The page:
Seal of the United States Court of Appeals for the Ninth Circuit. (Photo credit: Wikipedia)Despite a decade-old precedential ruling by the United States Circuit Court of Appeals for the Ninth Circuit, Idaho and four other Western states have denied uninterrupted access to witnesses to the execution of inmates.
That is the claim of the Associated Press and 16 other news media outlets that have sued Idaho for access, following last November when authorities prevented journalists from observing the first part of the execution of Paul Ezra Rhoades by lethal injection, according to the ABA Journal Law News Now blog. Washington, Montana, Arizona and Nevada are also being taken to task for denying witnesses the opportunity to observe the entire execution of 15 inmates over the past decade.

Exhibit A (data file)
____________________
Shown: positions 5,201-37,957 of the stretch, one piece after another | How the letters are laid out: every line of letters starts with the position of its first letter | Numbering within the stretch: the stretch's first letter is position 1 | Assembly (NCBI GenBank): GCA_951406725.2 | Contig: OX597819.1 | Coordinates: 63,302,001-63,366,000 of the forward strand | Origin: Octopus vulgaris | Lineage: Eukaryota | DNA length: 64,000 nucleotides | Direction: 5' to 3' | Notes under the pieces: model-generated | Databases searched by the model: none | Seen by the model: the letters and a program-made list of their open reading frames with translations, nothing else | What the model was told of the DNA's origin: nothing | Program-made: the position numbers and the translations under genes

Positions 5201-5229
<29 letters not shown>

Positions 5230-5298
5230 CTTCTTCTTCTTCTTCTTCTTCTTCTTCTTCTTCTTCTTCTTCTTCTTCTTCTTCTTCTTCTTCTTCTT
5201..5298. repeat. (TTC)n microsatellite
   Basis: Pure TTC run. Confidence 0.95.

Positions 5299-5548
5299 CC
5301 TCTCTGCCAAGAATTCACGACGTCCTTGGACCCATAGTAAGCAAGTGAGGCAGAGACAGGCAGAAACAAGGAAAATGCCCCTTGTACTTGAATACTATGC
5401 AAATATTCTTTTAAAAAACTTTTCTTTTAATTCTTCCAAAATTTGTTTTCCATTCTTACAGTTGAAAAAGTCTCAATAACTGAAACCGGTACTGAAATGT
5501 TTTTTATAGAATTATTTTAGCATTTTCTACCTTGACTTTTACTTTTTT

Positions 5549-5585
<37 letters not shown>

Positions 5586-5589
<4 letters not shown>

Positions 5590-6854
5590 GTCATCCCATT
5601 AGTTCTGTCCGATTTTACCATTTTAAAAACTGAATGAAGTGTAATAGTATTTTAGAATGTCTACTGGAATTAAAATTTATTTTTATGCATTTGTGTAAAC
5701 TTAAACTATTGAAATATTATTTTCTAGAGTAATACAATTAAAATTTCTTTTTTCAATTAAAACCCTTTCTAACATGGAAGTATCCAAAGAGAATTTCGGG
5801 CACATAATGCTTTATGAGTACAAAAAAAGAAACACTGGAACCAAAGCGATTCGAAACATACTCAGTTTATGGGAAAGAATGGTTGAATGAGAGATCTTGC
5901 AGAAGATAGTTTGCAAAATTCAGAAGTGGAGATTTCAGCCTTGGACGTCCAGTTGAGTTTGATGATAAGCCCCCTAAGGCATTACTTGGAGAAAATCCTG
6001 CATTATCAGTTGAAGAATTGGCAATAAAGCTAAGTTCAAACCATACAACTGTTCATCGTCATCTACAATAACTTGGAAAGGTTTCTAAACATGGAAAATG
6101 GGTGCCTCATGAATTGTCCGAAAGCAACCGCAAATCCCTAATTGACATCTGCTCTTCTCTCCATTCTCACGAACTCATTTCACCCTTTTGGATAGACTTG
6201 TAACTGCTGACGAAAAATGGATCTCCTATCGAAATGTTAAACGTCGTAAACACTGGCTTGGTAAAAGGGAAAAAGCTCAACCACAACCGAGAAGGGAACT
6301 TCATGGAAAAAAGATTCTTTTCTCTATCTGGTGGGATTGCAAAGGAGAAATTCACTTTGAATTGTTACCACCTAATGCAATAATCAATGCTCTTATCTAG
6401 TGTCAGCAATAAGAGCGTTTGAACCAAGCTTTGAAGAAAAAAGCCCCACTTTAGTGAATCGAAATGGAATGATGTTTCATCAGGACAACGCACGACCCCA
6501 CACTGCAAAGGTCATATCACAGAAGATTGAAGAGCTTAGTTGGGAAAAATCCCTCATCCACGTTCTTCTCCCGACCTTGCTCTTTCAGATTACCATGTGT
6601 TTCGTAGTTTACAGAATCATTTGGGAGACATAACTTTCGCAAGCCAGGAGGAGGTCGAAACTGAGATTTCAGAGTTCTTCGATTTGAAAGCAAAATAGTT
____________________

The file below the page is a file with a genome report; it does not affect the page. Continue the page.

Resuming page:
In California First Amendment Coalition v. Woodford, 299 F.3d 868 (9th Cir. 2002), an appellate court panel voted 3-0 to affirm a trial judge's permanent injunction barring defendants from prohibiting uninterrupted viewing of executions from the moment the condemned enters the execution chamber until he or she is declared dead from lethal injection. "Independent public scrutiny--made possible by the public and media witnesses to an execution--plays a significant role in the proper functioning of capital punishment," the Ninth Circuit wrote.
Authorities have argued that protecting the identity of executioners for safety reasons is paramount. The Woodford court, however, said blocking access is an exaggerated response to those concerns, which could be satisfied, for example, by having the executioners wear masks.